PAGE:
Duke Law professor Michelle Nowlin is making waves in North Carolina’s hog industry.
Now a Supervising Attorney at Duke’s Environmental Law and Policy Clinic, Nowlin started her work in the mid 90s at the Southern Environmental Law Center (SELC) in Chapel Hill.
“The conversation was big across the state in 1995 because the industry had been expanding pretty rapidly,” Nowlin says. “A lot of folks in rural areas, particularly African American farmers, had been calling and raising concerns about the concentration of animals and waste.”
This was causing problems in often overlooked communities. Nowlin notes that “nobody was really paying attention” until a catastrophic event that summer. According to the New York Times in late June 1995, 25 million gallons of hog waste were spilled into North Carolina’s New River.
Nowlin reports that Governor Jim Hunt quickly ordered an investigation of the incident and convened a Blue Ribbon Commission, which included the SELC. Nowlin and her organization took action, using contacts within environmental community and discourse with citizens to understand the day-to-day challenges of affected communities. Citizens and farmers expressed concerns about water quality impacts, so Nowlin began to look at zoning regulations, health ordinances and other legislation.
“There really weren’t any controls,” according to Nowlin, “None of the states around the country had any kind of effective environmental permitting program for these confinement facilities and there were not any real land use regulations.”
She began work on creating a regulatory program from scratch: drafting legislation to protect groundwater and working with county boards of health to exercise jurisdictional control. “I worked with states all over the southeast to help put those permanent programs in place, and worked with the EPA [Environmental Protection Agency] to create that at the federal level as well, so that we would have some minimum uniform set of requirements to protect communities all over the country.”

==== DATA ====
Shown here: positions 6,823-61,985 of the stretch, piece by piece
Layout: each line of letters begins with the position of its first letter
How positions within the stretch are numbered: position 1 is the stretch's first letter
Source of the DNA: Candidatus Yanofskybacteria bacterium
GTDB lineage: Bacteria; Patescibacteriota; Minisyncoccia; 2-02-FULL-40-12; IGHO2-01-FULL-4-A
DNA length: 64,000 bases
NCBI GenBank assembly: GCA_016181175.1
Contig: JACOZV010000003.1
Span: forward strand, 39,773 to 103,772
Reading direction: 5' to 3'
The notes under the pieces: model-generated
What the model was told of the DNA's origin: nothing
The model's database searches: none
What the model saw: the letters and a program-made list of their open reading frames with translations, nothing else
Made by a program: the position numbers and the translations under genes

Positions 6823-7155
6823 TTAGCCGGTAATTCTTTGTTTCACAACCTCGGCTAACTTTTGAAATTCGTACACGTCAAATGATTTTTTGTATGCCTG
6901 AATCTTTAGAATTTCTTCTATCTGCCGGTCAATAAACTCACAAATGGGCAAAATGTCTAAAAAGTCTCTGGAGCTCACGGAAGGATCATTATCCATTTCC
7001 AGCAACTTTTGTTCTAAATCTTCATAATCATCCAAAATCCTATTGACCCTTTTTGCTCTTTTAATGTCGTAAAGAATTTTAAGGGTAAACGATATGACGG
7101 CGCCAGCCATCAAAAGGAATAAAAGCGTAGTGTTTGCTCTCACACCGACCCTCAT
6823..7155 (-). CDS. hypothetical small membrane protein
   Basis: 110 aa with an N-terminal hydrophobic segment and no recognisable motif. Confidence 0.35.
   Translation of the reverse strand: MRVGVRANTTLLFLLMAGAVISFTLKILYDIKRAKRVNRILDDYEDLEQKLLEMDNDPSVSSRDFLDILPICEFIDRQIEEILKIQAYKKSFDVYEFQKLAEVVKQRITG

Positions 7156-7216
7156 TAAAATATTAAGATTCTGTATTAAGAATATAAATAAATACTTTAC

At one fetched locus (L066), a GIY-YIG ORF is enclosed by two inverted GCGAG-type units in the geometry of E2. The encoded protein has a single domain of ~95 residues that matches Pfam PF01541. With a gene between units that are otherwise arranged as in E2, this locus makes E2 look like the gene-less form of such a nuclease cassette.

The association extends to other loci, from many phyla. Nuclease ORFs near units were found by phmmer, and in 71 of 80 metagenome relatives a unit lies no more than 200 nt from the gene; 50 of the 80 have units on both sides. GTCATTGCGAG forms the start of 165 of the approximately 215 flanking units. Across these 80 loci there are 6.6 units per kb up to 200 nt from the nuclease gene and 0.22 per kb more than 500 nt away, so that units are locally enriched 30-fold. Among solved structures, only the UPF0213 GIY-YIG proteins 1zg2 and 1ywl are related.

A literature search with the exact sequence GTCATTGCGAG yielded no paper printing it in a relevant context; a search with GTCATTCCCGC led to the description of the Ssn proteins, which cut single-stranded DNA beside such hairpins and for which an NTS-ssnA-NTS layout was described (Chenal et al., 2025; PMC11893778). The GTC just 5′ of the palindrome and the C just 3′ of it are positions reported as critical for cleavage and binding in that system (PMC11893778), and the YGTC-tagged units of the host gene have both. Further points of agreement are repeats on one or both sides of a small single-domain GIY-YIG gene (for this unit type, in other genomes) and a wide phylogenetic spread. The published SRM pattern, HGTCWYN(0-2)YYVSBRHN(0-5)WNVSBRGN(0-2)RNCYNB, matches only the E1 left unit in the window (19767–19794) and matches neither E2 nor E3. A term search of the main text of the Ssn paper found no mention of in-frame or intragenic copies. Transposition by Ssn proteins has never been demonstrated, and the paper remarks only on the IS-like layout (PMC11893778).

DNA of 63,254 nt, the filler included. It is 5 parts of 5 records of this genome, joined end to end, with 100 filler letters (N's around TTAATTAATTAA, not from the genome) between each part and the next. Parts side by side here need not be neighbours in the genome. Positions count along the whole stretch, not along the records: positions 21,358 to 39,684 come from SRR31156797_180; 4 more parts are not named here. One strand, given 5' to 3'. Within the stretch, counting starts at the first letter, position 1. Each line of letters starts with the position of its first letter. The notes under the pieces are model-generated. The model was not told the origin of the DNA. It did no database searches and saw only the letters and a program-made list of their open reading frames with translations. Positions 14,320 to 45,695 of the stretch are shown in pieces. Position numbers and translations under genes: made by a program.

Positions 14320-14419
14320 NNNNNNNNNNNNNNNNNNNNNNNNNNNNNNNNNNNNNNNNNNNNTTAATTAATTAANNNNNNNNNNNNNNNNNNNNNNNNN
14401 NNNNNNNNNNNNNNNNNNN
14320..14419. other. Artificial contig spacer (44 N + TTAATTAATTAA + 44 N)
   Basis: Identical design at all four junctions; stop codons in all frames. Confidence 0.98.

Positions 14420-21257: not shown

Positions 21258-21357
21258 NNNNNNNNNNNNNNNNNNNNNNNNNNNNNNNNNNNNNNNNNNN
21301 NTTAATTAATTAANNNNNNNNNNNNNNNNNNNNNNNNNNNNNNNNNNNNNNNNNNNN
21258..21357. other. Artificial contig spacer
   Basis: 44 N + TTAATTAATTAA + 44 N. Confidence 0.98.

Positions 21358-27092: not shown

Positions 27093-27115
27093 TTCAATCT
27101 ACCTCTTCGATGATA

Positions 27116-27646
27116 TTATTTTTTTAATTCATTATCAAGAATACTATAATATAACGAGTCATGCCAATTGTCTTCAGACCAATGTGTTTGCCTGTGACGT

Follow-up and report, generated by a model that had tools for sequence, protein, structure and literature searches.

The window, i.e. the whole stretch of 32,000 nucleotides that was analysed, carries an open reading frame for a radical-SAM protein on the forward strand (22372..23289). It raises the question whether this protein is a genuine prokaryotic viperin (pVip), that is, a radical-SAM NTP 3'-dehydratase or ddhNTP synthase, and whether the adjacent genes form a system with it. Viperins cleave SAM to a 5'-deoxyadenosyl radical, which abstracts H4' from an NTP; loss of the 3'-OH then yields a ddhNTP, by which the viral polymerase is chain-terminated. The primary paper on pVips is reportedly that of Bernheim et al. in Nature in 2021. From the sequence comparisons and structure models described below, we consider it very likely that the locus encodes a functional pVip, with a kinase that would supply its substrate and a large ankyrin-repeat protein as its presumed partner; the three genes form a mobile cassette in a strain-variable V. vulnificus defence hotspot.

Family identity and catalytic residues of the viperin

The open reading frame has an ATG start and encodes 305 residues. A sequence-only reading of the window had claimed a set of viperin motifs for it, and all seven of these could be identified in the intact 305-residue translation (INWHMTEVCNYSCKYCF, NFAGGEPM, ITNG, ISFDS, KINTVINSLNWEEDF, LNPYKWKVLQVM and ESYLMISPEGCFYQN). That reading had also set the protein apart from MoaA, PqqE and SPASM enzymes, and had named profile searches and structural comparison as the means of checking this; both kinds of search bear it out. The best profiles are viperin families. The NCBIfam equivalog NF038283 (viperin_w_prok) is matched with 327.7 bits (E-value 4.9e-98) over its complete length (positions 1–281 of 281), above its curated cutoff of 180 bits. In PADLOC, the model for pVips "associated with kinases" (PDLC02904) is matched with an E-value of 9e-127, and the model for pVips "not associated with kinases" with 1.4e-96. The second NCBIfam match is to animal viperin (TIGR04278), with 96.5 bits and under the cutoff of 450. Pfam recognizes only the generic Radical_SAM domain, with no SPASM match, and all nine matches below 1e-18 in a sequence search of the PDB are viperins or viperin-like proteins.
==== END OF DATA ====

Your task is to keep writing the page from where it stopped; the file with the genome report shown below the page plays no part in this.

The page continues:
After putting together the regulations, Nowlin transitioned to looking at the latest technology developments for dealing with animal waste. Though helpful, these innovations are costly. Realizing the ways that these developments could negatively affect small farmers, she turned her attention to sustainability. She notes that market pressures often forced these farmers into a different type of production model.
“That’s really where my work shifted. I started engaging more with farmers and understanding more about supply chain considerations,” Nowlin reports.
When the opportunity to teach an agricultural law class at Duke popped up, Nowlin took did not hesitate. On campus, she got more involved with sustainable law and eventually took on clients at the Environmental Law and Policy Clinic. Today, she continues her work at Duke.
“I’ve been developing more of a niche at the nexus of food, agriculture and environment,” Nowlin says, emphasizing the ethical impact of agriculture.
She points out that, particularly in the southeast, her work directly ties in with racial disparities and patterns of discrimination. Nowlin reports that community health impacts, such as degraded air and water quality, are often concentrated in certain areas.
“It’s important to think about not only the ways that animals are raised, but also the way that people in these communities are treated.” She advises, “We need to bring back transparency and equity in the food system so that farmers and the communities that live in these agricultural areas can benefit. Then, of course, our environment can benefit as well.”
Photos used with permission from Michelle Nowlin, and cannot be used or reproduced.